The Green Hornet #1


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The Green Hornet #1


  • Words: Mark Waid
  • Art: Daniel Indro
  • Colors: Márcio Menyz
  • Publisher: Dynamite Entertainment
  • Price: $3.99
  • Release Date: Mar 27, 2013

Mark Waid’s pulp-era relaunch of “the world’s first super-criminal” rethinks Britt Reid’s role as the Green Hornet.

One of the absolute coolest superhero hooks about the Green Hornet a lot of people seem to forget is that to the world at large – to the city he protected – he wasn’t a hero at all but a fearsome criminal mastermind. More than Batman, more than Spider-Man, the people of his city feared the Green Hornet as they did no other criminal or outlaw.

This is a fact writer Mark Waid establishes within the first few pages of Dynamite’s ongoing period relaunch of the popular pulp hero. Even faster than he reminds us of the Hornet’s villainous alter ego though, Waid unveils his new approach to the perennial fan-favorite character, essentially a renewed focus on Britt Reid, the newspaper mogul and his role in bringing down agents of crime and corruption in pulp-era Chicago.

Waid’s approach to the character makes perfect sense and dovetails nicely into the rich history of the character. While recent film and comics treatments have either portrayed Reid as a bumbling fool (Come on, who else thinks that Rogen-driven farce should’ve been called The Green Kato?!) or a high-tech Robin Hood driven by vengeance, Waid’s take on the Hornet’s civic-minded alter-ego fits in neatly with both the period and the source material.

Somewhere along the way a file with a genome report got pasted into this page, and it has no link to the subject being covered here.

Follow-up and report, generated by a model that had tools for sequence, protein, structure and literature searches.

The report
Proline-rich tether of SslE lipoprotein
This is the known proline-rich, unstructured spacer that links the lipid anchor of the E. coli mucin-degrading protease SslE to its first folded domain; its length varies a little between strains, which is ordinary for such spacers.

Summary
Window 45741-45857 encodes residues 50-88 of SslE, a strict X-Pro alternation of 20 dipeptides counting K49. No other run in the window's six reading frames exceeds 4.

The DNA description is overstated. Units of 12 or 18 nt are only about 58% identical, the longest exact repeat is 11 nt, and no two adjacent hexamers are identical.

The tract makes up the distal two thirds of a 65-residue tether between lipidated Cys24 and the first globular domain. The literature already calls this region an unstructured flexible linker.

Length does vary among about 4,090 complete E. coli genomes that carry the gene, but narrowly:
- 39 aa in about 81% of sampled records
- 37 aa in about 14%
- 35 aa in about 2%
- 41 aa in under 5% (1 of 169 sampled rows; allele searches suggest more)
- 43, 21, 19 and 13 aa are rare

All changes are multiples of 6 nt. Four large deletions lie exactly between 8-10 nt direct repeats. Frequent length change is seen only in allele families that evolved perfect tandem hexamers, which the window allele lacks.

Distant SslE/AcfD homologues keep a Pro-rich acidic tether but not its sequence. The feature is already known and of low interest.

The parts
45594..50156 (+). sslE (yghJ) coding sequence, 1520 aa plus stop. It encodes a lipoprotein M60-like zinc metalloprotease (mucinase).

The power of newspaper publishers has been diluted in the modern age by technology and an undeniable trend of corporate convergence. Gone are the days of the family-run, big city newspaper. As Waid notes in the opening page of his story, today the media reaches its audience via expansive “outlets” and networks. Back in the day though, the power of the publisher was akin to that of the ancient bards – their words carried such potency they could bring down kingdoms and empires.

Helping Waid realize his singular vision of the Green Hornet is the talented Daniel Indro. With a spot-on use of period reference and a playful use of panel angles, Indro creates a lush, full visual tone that only elevates the overall reading experience of this issue. There’s a certain weight to his work that seems lacking in the over-produced fare occupying much of the shelf-space today. Evoking the more illustrative style favored by artists in the Golden Age of adventure strips (if lacking some of their fluidity and finesse), Indro’s solid rendering of both his period and subjects truly anchors Waid’s plot to its setting.

With strong art from Indro and industry icon Waid elevating his game as befits a character of such pedigree, Dynamite’s new ongoing will without a doubt position The Green Hornet at the forefront of cutting edge superhero fare.

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